Ian Hill is a writer, bookbinder, printmaker and lover of wild places. He lives in Cumbria, with a view of the hills. His blog is The Printed Land.
I am knee-deep in heather, struggling to find the measure of the sloping hillside beneath my feet. As I wade through the thick tufts of brittle growth, crisped dry from days without rain, I drive up a smell of summer meadows and haymaking; the smell of dust and straw I remember from playing amongst haybales in my childhood. The heather holds the dried flowers from last autumn’s flowering; they crackle and scatter under my heavy, incompetent feet.
I am climbing this hillside, across runnels of angular scree which chinks and shifts under my feet, in search of oak trees. The valley path, now fifty or so feet below me, is almost lost behind the thick growth of heather. On these slopes, beneath the spires of shattered crags which descend from the ridge above me, are patches of remnant oak woodland. The wood has a shape, as though it is a single organism inhabiting the slopes of the fell; the crown of each tree is pruned by the wind to fit neatly against the curve of its neighbour. They lie, napped to every curve and contour of the hillside, like a downy drift of feathers amongst the dark purple-brown of the heather.
As I approach the base of the wood, the heather thins, replaced by a soft underlayer of mosses, speckled in places by the grey-green twists of the lichen known as reindeer moss, which favours these less-grazed hillsides. The trees are smaller than they seem from below: ten feet tall at most, thinning to spindly individuals no more than three or four feet tall at the top of the wood. Up here, tucked beneath the crags of the higher mountain, are oaks which exist at the very limit of their altitude range; this is the level at which, five hundred years ago or more, one would have emerged from the thick valley woodlands onto open fellside. As I stand at the upper limit of the wood, looking between the smallest of the trees and across the thickening wood below me, I understand that this is a vision of how the Cumbrian fells would have looked before the large-scale clearance and coppicing of the woodlands for pasture and fuel, before the expansionism of the monasteries and the earliest of the agrarian industries. This woodland would have thickened down-valley, where the oaks would be mixed with alder and willow, perhaps beeches too, and from which the higher mountains emerged like isolated peaks: stranded islands of heather above the soft wave of the woodland.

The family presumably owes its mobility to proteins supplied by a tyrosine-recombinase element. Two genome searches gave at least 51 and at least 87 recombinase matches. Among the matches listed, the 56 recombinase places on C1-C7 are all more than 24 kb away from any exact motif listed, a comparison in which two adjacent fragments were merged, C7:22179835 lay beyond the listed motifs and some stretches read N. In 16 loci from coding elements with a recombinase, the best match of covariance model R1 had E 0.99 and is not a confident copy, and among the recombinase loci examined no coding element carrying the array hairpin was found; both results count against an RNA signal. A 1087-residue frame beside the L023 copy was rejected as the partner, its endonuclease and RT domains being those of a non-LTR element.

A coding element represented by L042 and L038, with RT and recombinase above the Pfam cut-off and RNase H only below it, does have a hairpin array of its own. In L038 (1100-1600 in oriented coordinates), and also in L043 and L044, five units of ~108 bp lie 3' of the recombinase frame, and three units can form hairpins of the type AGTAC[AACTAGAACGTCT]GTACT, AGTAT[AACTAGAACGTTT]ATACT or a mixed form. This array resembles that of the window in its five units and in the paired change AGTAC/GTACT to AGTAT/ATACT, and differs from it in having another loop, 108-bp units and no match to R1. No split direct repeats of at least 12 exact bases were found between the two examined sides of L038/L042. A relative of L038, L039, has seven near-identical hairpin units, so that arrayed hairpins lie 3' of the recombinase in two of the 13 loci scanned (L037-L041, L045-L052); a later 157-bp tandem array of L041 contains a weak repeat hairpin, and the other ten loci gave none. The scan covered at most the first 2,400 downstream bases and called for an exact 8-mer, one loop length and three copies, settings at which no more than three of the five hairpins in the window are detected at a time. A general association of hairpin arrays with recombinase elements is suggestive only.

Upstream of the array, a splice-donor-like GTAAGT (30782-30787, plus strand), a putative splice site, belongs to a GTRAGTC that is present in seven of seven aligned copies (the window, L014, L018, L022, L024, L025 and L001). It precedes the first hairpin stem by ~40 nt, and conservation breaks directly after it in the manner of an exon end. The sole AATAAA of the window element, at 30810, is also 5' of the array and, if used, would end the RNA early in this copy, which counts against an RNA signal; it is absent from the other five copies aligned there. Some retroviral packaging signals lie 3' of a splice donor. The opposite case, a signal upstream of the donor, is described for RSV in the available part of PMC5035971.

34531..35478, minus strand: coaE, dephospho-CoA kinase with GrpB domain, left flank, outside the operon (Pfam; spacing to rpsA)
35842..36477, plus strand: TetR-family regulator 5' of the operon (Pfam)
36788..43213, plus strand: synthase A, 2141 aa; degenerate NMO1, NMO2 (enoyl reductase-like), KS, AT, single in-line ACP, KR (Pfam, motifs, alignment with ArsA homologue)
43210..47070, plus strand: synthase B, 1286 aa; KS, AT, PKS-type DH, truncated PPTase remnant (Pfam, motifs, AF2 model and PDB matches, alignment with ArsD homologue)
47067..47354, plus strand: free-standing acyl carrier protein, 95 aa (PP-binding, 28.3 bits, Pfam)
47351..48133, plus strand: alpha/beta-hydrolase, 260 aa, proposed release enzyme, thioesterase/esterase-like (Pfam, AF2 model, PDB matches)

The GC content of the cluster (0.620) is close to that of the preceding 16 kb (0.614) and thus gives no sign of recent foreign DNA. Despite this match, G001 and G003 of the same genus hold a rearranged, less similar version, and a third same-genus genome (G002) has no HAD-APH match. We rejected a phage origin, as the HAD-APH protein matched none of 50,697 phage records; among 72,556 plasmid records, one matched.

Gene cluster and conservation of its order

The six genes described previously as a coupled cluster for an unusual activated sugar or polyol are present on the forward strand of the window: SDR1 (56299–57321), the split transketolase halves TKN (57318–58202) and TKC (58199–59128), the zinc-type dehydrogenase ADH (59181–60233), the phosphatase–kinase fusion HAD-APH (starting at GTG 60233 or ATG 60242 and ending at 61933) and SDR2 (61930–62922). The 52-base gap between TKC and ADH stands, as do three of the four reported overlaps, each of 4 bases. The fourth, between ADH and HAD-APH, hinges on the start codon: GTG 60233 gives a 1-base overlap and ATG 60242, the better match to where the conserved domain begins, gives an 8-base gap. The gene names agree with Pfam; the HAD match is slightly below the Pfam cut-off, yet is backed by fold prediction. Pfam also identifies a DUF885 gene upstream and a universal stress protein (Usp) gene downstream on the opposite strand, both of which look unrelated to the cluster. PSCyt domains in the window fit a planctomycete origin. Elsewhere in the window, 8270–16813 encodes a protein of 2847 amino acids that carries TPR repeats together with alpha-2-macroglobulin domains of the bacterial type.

Although the trees are not tall, they have a substantial girth: thick, knotted trunks which hint at an indeterminable age. But the age of the individual trees is not important here; what matters is the lineage of ancient woodland, the presence of trees just like these, growing on this hillside, and on others around Cumbria, since the post-glacial flowering of Britain. Here is a touchstone of antiquity, a reminder of how the land might have looked before we intervened in our heavy-handed way, a relic of the sheltered woodland which would have provided our home, our fuel, our food. A place in which nothing happens, slowly.